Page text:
Metabolic alkalosis is characterised by a pH > 7.45 and raised plasma bicarbonate level (> 26 mmol/L).
There are numerous causes of metabolic alkalosis, which are broadly divided based on the volume status (i.e. fluid replete or replete) of the patient. It is characterised by alkalosis (pH > 7.45) and a high plasma bicarbonate level (> 26 mmol/L).
For metabolic alkalosis to develop, there needs to be an ‘initiating event' and then ‘maintenance of alkalosis’. In some cases, these two factors are the same physiological process.
Metabolic alkalosis, put simply, can result from a loss of hydrogen ions or gain of bicarbonate.
For development of metabolic alkalosis, the kidneys ability to regulate bicarbonate through excretion needs to be interrupted. Factors that interrupt bicarbonate excretion include:
The causes of metabolic alkalosis are numerous and broadly divided into chloride-responsive and chloride-resistant.
There are numerous causes of metabolic alkalosis. These are broadly divided based on the volume status of the patient.
The most common causes of metabolic alkalosis are GI losses from vomiting or diuretic therapy. This is usually obvious from the history and examination. However, a series of further investigations may be required to determine the underlying cause.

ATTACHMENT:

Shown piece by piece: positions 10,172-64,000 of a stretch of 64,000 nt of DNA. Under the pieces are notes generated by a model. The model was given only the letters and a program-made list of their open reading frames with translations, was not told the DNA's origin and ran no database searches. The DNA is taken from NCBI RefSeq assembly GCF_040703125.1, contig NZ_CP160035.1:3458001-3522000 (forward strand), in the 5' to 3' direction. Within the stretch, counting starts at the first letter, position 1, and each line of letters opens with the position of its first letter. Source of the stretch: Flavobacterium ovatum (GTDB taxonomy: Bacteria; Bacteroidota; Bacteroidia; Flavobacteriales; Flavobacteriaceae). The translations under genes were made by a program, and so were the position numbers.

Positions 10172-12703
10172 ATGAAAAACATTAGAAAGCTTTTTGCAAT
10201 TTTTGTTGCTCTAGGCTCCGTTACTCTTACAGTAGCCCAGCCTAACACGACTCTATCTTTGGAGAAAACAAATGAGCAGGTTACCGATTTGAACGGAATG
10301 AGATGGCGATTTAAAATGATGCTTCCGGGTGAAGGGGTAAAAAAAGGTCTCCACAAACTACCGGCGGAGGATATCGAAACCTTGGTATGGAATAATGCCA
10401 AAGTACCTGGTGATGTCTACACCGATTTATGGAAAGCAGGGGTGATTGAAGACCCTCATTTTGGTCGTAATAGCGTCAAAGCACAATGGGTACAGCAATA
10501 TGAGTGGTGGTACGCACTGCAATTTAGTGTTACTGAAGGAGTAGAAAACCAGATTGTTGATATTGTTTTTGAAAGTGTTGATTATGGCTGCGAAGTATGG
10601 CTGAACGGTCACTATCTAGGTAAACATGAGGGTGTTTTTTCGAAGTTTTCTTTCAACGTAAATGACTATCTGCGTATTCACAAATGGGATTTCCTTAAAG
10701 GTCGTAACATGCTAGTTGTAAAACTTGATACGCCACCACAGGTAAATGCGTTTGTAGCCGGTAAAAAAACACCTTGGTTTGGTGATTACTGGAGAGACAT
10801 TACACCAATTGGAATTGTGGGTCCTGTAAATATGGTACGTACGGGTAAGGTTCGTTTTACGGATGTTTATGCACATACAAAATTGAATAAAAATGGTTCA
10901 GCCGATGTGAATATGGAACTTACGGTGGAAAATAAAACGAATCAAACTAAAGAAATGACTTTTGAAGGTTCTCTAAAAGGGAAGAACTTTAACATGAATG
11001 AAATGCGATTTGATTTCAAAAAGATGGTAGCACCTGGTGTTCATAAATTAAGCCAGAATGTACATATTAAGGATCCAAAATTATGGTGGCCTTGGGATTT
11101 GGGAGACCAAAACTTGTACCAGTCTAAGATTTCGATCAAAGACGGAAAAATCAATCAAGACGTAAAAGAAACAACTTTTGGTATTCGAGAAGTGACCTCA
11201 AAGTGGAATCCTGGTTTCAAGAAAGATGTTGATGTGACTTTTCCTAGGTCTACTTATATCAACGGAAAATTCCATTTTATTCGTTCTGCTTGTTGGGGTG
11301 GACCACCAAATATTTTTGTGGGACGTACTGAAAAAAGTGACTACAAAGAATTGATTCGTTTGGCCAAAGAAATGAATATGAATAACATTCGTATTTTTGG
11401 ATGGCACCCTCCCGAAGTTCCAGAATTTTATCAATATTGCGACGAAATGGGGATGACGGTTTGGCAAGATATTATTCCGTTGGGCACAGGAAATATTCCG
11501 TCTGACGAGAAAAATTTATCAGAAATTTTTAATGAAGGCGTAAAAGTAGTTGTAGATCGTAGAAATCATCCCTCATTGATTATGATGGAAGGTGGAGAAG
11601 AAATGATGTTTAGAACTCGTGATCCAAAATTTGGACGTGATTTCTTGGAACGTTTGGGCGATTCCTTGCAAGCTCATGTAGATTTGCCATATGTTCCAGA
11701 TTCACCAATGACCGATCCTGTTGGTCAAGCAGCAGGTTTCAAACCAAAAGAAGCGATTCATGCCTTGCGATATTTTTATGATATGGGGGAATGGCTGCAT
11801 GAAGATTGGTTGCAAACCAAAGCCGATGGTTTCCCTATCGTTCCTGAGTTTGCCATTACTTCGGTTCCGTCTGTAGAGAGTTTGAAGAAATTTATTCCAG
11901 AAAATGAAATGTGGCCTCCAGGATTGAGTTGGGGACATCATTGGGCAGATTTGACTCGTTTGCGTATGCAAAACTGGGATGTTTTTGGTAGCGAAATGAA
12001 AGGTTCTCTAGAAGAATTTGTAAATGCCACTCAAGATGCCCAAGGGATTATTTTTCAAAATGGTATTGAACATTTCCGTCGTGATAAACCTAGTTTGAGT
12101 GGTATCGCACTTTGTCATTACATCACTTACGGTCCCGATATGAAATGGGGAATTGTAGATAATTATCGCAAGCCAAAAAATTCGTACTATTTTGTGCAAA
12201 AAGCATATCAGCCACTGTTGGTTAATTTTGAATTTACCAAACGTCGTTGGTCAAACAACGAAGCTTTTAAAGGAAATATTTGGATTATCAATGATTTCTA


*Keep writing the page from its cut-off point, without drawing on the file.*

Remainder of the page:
This is often used to help differentiate between chloride-responsive and resistance causes.
Patients may be given volume expansion with normal saline empirically to see whether metabolic alkalosis will improve.
Some of the major causes of chloride-resistant metabolic alkalosis are due to overactivation of the RAAS system. Therefore, assessment of blood pressure, plasma renin and aldosterone are useful in differentiating the causes.
Further tests may be required for chloride-resistant metabolic alkalosis and usually guided by the suspected aetiology. These include 24-hour urinary collections (e.g. aldosterone, cortisol), drug screen, adrenal imaging or dexamethasone suppression test.
The most common cause of chloride-responsive metabolic alkalosis is GI losses (e.g. vomiting).
The causes of chloride-resistant metabolic alkalosis are broadly divided based on the presence or absence of hypertension.
There are several additional causes of metabolic alkalosis.
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